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|Specific and special Revenue grants|
|North East||North West( 1)||Yorks and Humber||East Midlands||West Midlands||East of England||Lon don||South East||South West||Total England|
|(1) Includes Merseyside|
Communities and Local Government Revenue Outturn Summary (RS) returns.
The definition of central Government grant used here is the sum of formula grant (revenue support grant, redistributed business rates and police grant) and Greater London Authority (GLA) grant. In past years, where applicable the SSA reduction grant and Central Support Protection Grants have also been included.
Figures exclude grants outside AEF (i.e. where funding is not for authorities' core services, but is passed to a third party, for example, rent allowances and rebates), capital grants, funding for the local authorities' housing management responsibilities and those grant programmes (such as European funding) where authorities are simply one of the recipients of funding paid towards an area.
Tim Farron: To ask the Secretary of State for Communities and Local Government what recent assessment she has made of the effects of the economic downturn on the income of local authorities; and if she will review the level of revenue support grant paid to local authorities. 
John Healey: The effects of the economic downturn on the income of local authorities was an issue identified in a recent report by the Audit Commission entitled Crunch Time, which looked at the impact of recent economic changes on local authorities' finances. The report found that councils are generally prepared for the impact of the economic downturn.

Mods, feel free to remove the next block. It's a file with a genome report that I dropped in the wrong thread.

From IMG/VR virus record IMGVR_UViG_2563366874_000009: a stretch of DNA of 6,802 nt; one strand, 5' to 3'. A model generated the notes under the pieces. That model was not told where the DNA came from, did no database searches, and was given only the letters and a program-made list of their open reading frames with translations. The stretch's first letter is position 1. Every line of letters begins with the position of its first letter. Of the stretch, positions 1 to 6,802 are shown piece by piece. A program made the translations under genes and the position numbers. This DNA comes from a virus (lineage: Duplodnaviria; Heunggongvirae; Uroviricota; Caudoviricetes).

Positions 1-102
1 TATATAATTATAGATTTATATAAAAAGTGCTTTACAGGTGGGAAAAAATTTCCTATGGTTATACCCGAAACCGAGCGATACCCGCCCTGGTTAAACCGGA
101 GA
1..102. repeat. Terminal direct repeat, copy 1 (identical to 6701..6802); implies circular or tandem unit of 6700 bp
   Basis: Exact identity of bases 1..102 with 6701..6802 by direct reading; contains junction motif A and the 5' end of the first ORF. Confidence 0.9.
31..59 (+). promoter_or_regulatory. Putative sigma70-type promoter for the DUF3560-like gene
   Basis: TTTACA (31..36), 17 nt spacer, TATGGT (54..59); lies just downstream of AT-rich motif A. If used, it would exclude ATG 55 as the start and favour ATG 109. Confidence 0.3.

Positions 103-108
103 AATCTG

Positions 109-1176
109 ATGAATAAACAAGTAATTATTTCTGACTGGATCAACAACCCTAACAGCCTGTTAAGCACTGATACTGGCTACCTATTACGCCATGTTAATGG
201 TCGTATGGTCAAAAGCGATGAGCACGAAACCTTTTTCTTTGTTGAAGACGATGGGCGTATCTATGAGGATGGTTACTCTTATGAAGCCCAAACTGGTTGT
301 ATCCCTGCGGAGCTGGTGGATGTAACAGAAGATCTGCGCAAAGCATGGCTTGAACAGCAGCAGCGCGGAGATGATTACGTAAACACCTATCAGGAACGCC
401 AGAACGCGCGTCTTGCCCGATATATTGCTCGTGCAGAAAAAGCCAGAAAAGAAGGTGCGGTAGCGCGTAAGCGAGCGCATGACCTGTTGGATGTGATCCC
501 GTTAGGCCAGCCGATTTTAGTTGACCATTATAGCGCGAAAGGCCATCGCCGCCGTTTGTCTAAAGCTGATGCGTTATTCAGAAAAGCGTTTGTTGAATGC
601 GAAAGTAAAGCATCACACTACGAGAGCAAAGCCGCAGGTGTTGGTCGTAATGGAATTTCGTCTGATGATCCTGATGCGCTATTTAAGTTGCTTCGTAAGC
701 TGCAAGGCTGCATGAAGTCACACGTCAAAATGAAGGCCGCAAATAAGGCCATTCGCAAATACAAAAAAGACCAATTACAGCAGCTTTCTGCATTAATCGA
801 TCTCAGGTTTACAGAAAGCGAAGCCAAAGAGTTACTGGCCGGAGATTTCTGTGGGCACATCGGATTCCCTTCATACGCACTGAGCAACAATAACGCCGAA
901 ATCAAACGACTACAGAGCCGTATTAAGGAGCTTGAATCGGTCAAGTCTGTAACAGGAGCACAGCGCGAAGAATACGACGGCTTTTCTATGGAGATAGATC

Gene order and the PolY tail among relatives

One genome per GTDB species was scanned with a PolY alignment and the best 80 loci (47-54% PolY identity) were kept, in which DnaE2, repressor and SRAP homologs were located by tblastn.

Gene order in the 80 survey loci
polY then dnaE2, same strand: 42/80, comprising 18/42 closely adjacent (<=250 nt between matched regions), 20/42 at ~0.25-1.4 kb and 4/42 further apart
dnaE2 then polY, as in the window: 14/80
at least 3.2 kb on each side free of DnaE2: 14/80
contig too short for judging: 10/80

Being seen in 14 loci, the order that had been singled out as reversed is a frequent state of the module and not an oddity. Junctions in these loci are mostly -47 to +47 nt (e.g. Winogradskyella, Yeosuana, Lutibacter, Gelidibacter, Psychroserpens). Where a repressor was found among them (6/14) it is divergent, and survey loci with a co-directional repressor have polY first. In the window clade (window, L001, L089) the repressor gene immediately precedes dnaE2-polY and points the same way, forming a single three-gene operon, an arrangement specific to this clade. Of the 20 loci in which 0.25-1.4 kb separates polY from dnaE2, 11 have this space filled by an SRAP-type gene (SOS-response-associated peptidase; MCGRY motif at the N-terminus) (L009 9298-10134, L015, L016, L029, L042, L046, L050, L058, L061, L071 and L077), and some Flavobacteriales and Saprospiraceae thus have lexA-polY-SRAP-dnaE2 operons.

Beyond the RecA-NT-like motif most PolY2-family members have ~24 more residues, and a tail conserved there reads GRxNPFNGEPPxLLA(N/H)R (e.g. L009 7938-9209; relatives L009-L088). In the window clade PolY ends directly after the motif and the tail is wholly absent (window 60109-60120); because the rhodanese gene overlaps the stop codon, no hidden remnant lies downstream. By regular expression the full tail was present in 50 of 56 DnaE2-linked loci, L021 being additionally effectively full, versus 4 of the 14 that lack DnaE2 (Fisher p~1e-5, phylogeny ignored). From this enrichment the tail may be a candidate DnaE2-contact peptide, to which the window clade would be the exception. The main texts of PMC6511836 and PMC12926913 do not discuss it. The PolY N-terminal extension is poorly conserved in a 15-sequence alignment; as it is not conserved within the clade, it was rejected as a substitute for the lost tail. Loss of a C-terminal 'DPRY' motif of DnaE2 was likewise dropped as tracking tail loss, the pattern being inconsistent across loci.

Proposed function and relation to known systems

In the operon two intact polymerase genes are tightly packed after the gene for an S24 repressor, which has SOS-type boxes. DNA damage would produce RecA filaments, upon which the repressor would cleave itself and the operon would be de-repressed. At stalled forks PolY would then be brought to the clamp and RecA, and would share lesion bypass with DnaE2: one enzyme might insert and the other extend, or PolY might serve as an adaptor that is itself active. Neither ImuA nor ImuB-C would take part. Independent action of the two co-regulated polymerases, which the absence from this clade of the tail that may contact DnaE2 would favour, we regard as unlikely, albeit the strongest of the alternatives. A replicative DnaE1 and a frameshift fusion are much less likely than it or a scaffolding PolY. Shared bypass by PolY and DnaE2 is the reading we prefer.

Following consultation with local authorities on the provisional local government finance settlement 2009-10, I confirmed our plans for the funding of local authority revenue spending through Formula Grant on 21 January which is now subject to parliamentary approval. Overall Government grant to local authorities will next year be £73.1 billion which provides an increase of 4.2 per cent. on a like for like basis. This is the second year of a three year settlement which provides councils with an additional £8.9 billion up to 2010-11 and gives them the certainty and flexibility they need to plan ahead and manage their budgets. We also expect authorities to deliver £4.9 billion net cash-releasing savings over that period, which can be used to improve services and control council tax pressures.
Mr. Oaten: To ask the Secretary of State for Communities and Local Government if she will make it her policy to bring forward payments to local authorities in order to mitigate the amount of interest forgone by local authorities in meeting targets for payment of supplier invoices within 10 days. 
John Healey: Local authorities are responsible for their own payment arrangements and in the present economic downturn many are taking steps to ensure invoices are settled promptly. In putting in place the first-ever three-year settlement last year, we gave councils an extra £8.9 billion and the certainty and flexibility they need to plan ahead and manage their budgets.
The determination of rates liability on a property occupied by a business does not alter if the
company is in administration. However, if the company owns an empty property it would not be liable for empty rates on that property whilst in administration.
To ask the Secretary of State for Communities and Local Government what bookings
the QE2 Conference Centre has arranged at commercial rates for Whitehall-based government departments and agencies since February 2008. 
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